Utility Money Pool borrowings and external borrowings may not exceed amounts authorized by regulatory orders.  At June 30, 2008, we had not exceeded those authorized limits.

Dividend Policy and Restrictions

We have declared common stock dividends payable in cash in each quarter since July 1910.  The Board of Directors declared a quarterly dividend of $0.41 per share in July 2008.  Future dividends may vary depending upon our profit levels, operating cash flow levels and capital requirements, as well as financial and other business conditions existing at the time.  We have the option to defer interest payments on the $315 million of AEP Junior Subordinated Debentures issued in March 2008 for one or more periods of up to 10 consecutive years per period.  During any period in which we defer interest payments, we may not declare or pay any dividends or distributions on, or redeem, repurchase or acquire, our common stock.  We believe that these restrictions will not have a material effect on our results of operations, cash flows, financial condition or limit any dividend payments in the foreseeable future.

Credit Ratings

In the first quarter of 2008, Moody’s changed its outlook from stable to negative for APCo, SWEPCo, OPCo and TCC and affirmed its stable outlook for AEP and our other subsidiaries.  Also in the first quarter, Fitch downgraded PSO and SWEPCo from A- to BBB+ for senior unsecured debt.  In May 2008, Fitch revised APCo’s outlook from stable to negative.  Our current credit ratings are as follows:

                                   
Moody’s
   
S&P
   
Fitch
                                                 
AEP Short Term Debt
P-2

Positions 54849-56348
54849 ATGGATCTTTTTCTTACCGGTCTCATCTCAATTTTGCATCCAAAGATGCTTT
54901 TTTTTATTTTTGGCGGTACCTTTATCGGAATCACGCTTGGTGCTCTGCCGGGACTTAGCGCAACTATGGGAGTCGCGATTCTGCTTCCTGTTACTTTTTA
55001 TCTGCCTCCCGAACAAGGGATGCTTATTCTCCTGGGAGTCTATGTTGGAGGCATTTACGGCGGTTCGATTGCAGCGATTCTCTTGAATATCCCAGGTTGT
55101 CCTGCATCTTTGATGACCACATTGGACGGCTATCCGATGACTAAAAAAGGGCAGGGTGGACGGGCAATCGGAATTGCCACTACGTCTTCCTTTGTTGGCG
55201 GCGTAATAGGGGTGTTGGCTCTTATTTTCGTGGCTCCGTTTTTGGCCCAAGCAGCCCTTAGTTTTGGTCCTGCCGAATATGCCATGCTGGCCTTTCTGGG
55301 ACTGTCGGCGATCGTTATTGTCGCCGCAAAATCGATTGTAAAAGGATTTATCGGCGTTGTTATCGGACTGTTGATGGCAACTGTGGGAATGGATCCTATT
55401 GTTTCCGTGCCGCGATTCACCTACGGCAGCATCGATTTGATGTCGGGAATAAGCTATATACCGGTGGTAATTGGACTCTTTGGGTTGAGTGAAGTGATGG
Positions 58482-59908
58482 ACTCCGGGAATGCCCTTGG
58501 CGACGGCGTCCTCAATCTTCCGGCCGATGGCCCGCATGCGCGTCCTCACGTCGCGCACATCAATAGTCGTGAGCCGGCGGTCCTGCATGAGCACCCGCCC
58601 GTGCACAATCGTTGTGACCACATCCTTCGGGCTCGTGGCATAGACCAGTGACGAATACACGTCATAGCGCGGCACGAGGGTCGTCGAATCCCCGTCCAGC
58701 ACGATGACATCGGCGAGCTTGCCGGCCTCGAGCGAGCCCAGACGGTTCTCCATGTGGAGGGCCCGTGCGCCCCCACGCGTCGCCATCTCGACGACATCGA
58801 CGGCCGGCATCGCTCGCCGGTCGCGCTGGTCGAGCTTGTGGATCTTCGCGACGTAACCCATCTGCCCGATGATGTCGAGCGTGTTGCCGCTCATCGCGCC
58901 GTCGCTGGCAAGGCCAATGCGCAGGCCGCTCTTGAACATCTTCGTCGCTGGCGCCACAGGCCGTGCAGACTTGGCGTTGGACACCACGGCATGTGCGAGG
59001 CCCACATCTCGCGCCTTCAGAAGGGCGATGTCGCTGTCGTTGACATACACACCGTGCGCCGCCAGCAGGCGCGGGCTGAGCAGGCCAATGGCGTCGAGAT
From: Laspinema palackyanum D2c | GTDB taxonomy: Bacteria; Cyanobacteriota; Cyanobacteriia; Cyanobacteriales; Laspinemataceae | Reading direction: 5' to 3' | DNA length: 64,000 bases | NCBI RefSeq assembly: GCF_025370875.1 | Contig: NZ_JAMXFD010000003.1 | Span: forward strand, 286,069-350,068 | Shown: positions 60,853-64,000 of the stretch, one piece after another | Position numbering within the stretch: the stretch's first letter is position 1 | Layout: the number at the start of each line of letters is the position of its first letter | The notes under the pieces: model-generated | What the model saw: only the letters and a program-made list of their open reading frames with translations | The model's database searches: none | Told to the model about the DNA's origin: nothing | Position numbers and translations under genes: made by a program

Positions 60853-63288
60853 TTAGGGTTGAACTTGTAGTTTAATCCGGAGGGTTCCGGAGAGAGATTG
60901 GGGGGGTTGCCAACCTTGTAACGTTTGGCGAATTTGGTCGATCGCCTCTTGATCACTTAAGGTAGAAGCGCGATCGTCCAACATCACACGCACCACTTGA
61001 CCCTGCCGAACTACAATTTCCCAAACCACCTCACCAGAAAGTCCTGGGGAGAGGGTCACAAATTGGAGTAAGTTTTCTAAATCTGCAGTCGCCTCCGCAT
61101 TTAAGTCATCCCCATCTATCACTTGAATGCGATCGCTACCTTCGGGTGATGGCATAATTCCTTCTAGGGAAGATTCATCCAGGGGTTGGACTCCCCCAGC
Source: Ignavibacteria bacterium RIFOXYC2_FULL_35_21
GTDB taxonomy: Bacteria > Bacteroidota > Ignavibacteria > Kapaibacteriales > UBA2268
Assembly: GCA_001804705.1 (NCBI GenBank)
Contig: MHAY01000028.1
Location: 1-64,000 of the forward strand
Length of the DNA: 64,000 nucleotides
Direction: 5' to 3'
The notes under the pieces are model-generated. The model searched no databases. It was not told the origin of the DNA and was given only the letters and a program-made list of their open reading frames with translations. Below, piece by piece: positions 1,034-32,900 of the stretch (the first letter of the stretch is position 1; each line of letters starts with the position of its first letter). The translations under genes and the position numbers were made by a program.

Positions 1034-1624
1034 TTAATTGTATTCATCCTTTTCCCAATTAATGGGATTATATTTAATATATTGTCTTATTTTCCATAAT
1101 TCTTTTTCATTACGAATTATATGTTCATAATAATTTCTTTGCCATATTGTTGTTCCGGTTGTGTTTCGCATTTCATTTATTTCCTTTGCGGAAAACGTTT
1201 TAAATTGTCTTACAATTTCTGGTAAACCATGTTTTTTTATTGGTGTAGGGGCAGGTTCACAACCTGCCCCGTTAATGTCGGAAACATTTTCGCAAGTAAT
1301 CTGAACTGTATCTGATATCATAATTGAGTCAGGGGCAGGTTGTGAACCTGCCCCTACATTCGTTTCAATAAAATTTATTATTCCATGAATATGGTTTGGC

A-2
   
F-2
AEP Senior Unsecured Debt
Baa2
   
BBB
   
BBB

If we or any of our rated subsidiaries receive an upgrade from any of the rating agencies listed above, our borrowing costs could decrease.  If we receive a downgrade in our credit ratings by one of the rating agencies listed above, our borrowing costs could increase and access to borrowed funds could be negatively affected.

Cash Flow

Managing our cash flows is a major factor in maintaining our liquidity strength.

 
Six Months Ended
 
 
June 30,
 
 
2008
 
2007
 
 
(in millions)
 
Cash and Cash Equivalents at Beginning of Period
  $ 178     $ 301  
Net Cash Flows from Operating Activities
    1,197       969  
Net Cash Flows Used for Investing Activities
    (1,645 )     (2,127
Net Cash Flows from Financing Activities
    488       1,029  
Net Increase (Decrease) in Cash and Cash Equivalents
    40       (129
Cash and Cash Equivalents at End of Period
  $ 218     $ 172  
 
Cash from operations, combined with a bank-sponsored receivables purchase agreement and short-term borrowings, provides working capital and allows us to meet other short-term cash needs.

Operating Activities
   
Six Months Ended
 
   
June 30,
 
   
2008
 
2007
 
   
(in millions)
 
Net Income
 
$
854
 
$
451
 
Less  Discontinued Operations, Net of Tax
   
(1
)
 
(2
)
Income Before Discontinued Operations
   
853
   
449
 
Depreciation and Amortization
   
736
   
763
 
Other
   
(392
)
 
(243
)
Net Cash Flows from Operating Activities
 
$
1,197
 
$
969
 

Net Cash Flows from Operating Activities increased in 2008 primarily due to the TEM settlement.

Net Cash Flows from Operating Activities were $1.2 billion in 2008 consisting primarily of Income Before Discontinued Operations of $853 million and $736 million of noncash depreciation and amortization.  Other represents items that had a current period cash flow impact, such as changes in working capital, as well as items that represent future rights or obligations to receive or pay cash, such as regulatory assets and liabilities.  Significant changes in other items include an increase in under-recovered fuel reflecting higher natural gas prices.